Israeli prime minister warns that Iran is on the brink of obtaining nukes

politics | Sep 16, 2012 | By Martin Barillas

As the Jewish world celebrates Rosh Hashanah, the beginning of the new year, Israeli premier Binyamin Netanyahu warned that the Islamic Republic of Iran is but seven months away from building a nuclear weapon. Speaking directly to American television viewers on NBC’s ‘Meet the Press’ program, Netanyahu said "You have to place that red line before them now, before it's too late," while also saying that such a move by the United States could reduce the chances of an Israeli attack on Iran’s nuclear weaponization program. Even though Iran’s President Mahmoud Ahmedinjad has repeatedly called for the destruction of Israel, his government has continued to deny it is developing weapons even though it has conducted missile tests and large military exercises designed as a show of military muscle.

Netanyahu, who has been dubbed by some pundits as an ally of Republican presidential contender Mitt Romney, said that by the middle of 2013, Iran will have 90 percent of the enriched uranium it needs for  a bomb. He urged the United States to spell out limits or “red lines” that bellicose Iran must not transgress if it is to avoid military action. Thus far, President Barack Obama has refused to do so.  According to the Jerusalem Post, Obama told 1,200 American rabbis on September 14 during a conference call that he was not would not impose a “set of conditions” on how to counter Iran.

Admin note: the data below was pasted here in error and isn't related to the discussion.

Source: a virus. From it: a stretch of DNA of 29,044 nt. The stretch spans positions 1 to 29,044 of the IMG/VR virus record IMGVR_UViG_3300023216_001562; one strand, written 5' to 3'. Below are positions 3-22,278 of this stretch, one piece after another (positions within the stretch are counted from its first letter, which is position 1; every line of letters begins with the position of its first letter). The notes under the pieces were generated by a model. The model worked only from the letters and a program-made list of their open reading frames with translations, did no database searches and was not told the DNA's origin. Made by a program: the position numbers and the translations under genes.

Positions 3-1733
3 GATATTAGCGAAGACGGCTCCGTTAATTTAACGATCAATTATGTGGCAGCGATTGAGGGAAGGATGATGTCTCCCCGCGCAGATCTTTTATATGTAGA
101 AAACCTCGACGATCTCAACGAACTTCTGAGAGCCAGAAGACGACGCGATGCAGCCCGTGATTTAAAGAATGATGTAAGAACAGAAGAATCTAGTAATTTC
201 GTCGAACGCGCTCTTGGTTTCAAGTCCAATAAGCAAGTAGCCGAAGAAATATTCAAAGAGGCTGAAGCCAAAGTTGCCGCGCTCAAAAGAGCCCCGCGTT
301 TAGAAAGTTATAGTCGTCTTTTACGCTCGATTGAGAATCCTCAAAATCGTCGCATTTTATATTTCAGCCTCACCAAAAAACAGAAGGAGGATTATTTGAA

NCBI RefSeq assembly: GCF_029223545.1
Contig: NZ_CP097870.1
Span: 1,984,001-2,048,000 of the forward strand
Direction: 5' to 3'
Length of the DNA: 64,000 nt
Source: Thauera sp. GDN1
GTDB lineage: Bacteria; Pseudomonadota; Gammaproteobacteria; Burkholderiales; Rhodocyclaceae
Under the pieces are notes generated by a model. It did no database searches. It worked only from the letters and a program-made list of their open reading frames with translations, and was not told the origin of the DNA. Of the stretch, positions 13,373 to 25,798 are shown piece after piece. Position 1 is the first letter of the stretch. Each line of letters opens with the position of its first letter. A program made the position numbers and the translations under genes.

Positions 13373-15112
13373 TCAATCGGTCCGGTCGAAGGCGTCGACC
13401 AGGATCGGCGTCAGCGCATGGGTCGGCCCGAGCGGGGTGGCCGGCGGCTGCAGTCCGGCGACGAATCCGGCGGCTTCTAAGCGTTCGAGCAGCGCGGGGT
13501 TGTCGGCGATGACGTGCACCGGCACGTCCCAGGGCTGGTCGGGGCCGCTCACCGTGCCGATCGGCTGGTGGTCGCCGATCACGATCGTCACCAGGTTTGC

Also on September 14, Iranian President Ahmadinejad commented upon the relationship between the US and Israel, stating that American decision-makers have come to the understanding that Israel is “no longer beneficial to them.”  Ahmadinejad added that Zionists are seeking ways to "disturb the game."

The dispute between the United States and Israel spilled out into the public square following the American president’s decision not to meet with Netanyahu this month during the upcoming United Nations summit in New York City. The refusal underscores a divide between the two nations, while it complicates Obama’s re-election plans even while he seeks to put a lid on concerted terrorist attacks on American diplomatic personnel and missions in Muslim-dominated countries.  The appearance on the program could add further tension to the relationship between the two leaders and their respective countries.

Netanyahu’s statements on ‘Meet the Press’ is by far the clearest marker in his effort to induce Obama to present Iran with an ultimatum about the latter’s nukes.  Netanyahu showed no signs of timidity during his September 16 appearance, while he appeared to equate the danger of Iranian nukes with the Muslim fury unleashed last week in which attacks on American officials and embassies came on September 11 while Americans were commemorating the loss of life of the 9/11 terrorist attacks in the United States. "It's the same fanaticism that you see storming your embassies today. You want these fanatics to have nuclear weapons?" the usually urbane Netanyahu asked in the television interview.